August 4, 2022 -- A coalition of groups representing the medical imaging industry are pushing back against proposed cuts to Medicare and Medicaid reimbursement for 2023, urging members of the U.S. House of Representatives to take action to forestall the cuts.
The August 1 letter was prompted by the release in July of the proposed Medicare Physician Fee Schedule (MPFS) for 2023, which the U.S. Centers for Medicare and Medicaid Services (CMS) uses to set reimbursement rates for medical procedures. CMS is proposing a 4.5% cut in the conversion factor used to calculate payment rates.
In their letter, the coalition notes that the 2023 MPFS cut would come on top of other reimbursement reductions that are already scheduled to hit healthcare providers next year. These include the expiration this year of a moratorium on the 2% sequestration cut and a 4% cut to comply with federal rules on deficit reduction, commonly called "PAYGO."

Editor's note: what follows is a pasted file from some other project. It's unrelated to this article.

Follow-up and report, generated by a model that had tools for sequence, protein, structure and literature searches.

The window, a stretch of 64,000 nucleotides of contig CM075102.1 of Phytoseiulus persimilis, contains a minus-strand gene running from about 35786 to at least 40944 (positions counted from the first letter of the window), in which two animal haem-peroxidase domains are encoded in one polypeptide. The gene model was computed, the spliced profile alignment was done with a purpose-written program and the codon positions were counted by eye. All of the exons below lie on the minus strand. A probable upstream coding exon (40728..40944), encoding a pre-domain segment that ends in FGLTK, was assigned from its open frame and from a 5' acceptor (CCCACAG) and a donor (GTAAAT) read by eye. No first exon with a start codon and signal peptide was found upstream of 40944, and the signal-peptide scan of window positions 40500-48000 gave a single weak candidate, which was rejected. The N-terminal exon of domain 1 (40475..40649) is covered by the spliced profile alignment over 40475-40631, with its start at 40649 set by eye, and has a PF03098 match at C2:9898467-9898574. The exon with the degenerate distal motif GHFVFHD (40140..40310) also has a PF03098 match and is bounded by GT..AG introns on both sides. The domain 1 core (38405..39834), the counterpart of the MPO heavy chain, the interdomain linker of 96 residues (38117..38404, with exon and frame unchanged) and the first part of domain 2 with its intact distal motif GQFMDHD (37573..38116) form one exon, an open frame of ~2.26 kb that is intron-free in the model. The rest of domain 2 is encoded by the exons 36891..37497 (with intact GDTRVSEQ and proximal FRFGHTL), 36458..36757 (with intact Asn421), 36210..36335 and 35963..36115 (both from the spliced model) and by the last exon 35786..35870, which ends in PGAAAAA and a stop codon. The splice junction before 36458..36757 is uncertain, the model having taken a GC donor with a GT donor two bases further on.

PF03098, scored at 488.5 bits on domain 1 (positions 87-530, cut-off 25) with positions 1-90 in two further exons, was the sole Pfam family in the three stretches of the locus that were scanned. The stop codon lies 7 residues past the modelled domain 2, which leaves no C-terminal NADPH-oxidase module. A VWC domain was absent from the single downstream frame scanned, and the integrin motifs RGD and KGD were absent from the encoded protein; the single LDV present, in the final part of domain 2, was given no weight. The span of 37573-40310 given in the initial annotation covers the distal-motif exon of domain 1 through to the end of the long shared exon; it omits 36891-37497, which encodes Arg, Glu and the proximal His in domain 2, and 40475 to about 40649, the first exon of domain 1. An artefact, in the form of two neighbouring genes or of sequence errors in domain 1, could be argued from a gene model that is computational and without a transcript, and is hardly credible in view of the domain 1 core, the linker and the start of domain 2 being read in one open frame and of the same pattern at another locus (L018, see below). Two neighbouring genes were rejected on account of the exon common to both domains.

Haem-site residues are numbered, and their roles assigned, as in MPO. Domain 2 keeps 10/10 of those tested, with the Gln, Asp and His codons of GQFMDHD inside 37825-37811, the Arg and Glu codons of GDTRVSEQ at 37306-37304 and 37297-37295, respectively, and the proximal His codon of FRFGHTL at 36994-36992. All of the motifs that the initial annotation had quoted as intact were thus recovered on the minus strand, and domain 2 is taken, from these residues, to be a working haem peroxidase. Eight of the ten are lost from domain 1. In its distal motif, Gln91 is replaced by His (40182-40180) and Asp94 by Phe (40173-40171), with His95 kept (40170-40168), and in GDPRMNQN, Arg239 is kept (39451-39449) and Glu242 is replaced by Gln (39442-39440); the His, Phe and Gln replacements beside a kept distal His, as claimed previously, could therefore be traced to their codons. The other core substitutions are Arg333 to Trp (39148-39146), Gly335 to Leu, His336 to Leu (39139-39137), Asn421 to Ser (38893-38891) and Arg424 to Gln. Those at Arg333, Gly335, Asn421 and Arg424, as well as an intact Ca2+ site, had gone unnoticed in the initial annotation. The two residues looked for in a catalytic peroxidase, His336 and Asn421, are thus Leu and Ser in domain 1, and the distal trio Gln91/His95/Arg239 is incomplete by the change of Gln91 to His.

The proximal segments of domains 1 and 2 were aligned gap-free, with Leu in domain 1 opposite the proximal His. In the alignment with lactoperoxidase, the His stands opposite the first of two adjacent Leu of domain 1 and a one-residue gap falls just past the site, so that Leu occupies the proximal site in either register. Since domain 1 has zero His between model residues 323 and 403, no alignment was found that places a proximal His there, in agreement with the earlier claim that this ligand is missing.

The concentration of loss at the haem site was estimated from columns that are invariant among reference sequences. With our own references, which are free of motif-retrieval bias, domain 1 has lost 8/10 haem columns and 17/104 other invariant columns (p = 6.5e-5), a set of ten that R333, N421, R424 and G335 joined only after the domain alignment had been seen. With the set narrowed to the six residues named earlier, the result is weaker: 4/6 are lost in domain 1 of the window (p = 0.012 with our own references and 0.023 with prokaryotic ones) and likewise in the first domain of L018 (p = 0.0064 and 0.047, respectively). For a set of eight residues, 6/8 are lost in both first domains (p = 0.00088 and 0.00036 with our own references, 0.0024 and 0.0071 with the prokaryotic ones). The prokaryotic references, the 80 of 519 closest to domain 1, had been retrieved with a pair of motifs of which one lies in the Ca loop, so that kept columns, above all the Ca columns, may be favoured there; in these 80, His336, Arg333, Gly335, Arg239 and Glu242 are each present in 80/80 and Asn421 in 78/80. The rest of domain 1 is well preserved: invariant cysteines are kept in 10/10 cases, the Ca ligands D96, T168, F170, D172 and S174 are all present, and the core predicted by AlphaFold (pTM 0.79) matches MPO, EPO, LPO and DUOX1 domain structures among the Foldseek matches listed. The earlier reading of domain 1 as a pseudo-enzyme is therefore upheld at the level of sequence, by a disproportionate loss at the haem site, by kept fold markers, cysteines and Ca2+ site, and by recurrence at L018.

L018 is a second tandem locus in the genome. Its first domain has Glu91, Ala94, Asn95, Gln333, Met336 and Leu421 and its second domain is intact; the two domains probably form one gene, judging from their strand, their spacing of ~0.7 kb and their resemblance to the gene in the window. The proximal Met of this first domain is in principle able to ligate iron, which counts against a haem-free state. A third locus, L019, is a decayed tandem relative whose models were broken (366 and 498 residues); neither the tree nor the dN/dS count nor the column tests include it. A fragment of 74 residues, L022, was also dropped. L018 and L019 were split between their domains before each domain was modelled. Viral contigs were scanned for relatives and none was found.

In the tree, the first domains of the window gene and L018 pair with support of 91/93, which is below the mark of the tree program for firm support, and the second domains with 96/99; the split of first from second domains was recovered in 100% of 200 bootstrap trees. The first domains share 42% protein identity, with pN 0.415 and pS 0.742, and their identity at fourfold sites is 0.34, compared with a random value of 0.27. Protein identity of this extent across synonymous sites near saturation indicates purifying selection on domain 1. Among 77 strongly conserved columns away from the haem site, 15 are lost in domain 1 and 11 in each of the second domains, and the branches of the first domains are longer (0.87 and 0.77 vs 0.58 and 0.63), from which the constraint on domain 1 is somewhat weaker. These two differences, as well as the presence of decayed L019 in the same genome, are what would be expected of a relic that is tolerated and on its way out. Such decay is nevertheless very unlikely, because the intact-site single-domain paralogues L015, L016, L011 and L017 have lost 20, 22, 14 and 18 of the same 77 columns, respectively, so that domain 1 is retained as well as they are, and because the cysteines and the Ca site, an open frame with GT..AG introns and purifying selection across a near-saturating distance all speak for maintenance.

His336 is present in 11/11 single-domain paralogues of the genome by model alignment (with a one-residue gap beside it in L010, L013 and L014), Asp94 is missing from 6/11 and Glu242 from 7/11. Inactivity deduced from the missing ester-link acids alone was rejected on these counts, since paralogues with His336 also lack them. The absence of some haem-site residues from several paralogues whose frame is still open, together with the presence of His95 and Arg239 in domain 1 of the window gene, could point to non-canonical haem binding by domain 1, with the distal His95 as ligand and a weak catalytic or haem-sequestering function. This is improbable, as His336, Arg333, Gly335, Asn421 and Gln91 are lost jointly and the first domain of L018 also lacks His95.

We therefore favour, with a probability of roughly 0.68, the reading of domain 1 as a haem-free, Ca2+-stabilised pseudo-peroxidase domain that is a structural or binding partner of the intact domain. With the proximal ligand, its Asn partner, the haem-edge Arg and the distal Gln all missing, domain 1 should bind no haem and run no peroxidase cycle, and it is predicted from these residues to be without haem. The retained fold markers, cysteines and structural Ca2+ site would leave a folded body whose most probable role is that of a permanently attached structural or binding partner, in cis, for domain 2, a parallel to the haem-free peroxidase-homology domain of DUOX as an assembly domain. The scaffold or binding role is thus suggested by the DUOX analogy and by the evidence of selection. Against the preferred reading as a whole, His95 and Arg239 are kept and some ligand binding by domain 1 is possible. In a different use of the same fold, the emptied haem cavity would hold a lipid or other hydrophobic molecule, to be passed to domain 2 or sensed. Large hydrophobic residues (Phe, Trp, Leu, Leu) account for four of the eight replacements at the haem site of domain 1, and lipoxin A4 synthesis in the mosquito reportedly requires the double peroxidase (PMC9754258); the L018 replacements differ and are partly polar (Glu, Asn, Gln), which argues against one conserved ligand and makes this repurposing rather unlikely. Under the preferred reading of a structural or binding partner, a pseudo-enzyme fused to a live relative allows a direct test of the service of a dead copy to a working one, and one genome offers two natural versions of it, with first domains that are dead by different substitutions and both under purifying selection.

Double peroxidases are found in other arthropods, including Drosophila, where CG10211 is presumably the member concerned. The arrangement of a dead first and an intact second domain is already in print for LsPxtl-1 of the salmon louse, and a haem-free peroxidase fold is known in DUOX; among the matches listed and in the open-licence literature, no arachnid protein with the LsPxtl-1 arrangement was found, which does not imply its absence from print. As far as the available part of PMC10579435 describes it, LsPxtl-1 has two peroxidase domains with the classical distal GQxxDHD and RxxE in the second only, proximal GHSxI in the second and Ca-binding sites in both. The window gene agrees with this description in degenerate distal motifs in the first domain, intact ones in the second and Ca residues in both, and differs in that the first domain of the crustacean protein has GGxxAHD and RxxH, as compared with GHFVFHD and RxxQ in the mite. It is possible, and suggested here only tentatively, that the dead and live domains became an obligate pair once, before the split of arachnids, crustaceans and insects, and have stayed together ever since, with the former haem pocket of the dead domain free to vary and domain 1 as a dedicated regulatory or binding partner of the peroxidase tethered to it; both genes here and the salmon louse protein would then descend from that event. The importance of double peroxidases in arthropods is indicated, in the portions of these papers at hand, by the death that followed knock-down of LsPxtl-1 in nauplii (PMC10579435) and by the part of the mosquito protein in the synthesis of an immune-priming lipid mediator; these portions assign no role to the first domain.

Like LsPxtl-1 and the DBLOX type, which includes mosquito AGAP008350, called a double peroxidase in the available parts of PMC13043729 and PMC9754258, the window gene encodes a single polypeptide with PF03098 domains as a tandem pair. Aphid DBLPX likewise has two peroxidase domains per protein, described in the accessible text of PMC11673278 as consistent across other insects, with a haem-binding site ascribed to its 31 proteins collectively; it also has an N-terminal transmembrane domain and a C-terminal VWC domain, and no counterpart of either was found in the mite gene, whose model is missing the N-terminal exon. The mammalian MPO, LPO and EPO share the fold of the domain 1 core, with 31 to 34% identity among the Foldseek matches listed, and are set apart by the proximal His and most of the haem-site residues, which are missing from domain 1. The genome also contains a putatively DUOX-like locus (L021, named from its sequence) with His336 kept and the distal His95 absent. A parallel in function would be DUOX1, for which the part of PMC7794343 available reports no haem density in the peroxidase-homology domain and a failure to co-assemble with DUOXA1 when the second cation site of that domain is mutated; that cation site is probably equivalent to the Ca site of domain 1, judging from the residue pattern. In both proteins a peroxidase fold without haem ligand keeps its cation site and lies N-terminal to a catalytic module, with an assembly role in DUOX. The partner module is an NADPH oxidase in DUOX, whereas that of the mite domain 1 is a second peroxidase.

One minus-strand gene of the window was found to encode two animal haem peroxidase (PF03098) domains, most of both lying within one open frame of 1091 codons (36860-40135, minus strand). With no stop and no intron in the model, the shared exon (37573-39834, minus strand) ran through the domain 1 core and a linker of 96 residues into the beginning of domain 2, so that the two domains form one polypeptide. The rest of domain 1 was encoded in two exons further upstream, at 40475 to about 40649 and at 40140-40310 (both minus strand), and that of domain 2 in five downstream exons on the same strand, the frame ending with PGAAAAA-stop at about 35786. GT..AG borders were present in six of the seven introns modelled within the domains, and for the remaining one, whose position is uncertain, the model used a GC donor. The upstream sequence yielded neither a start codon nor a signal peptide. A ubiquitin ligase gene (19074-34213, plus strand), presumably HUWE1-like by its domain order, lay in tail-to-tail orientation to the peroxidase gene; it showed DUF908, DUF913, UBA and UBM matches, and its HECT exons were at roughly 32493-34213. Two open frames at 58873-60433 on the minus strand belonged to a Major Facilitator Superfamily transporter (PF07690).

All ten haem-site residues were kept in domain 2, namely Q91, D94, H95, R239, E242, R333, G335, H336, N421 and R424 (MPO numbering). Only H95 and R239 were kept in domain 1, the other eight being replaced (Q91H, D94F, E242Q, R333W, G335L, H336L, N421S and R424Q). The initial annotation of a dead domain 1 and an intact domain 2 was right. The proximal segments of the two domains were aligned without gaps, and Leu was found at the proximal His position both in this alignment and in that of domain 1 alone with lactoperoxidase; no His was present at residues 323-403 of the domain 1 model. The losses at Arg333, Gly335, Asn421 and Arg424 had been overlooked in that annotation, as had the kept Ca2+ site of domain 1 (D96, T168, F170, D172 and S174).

Taken together, these cuts could result in double-digit reductions in payments for healthcare providers in 2023. The groups fear a return to the environment before 2015, when the Medicare Access and CHIP Reauthorization Act (MACRA) was passed to eliminate annual cuts to payments required by the sustainable growth rate (SGR) formula.
"But now the perennial fight to avoid catastrophic damage to clinicians' ability to provide care has returned," the groups write in their letter.
The groups state that healthcare providers have faced significant challenges in recent years, including supply chain disruptions, rising costs due to inflation, and a global pandemic. The 2023 MPFS proposal "only will make matters worse."
As a positive example, the groups cite Congressional intervention at the end of 2021 with the Protecting Medicare and American Farmers from Sequester Cuts Act, which staved off a similarly large proposed cut in Medicare reimbursement.
The letter was sent to ranking members of the Senate Finance Committee, the Ways and Means Committee, and the Energy and Commerce Committee. It was signed by the American College of Radiology, the American Society of Radiologic Technologists, the AHRA, the Medical Imaging & Technology Alliance, the Radiology Business Management Association, Rayus Radiology, Shields Healthcare Group, and the Society of Nuclear Medicine and Molecular Imaging.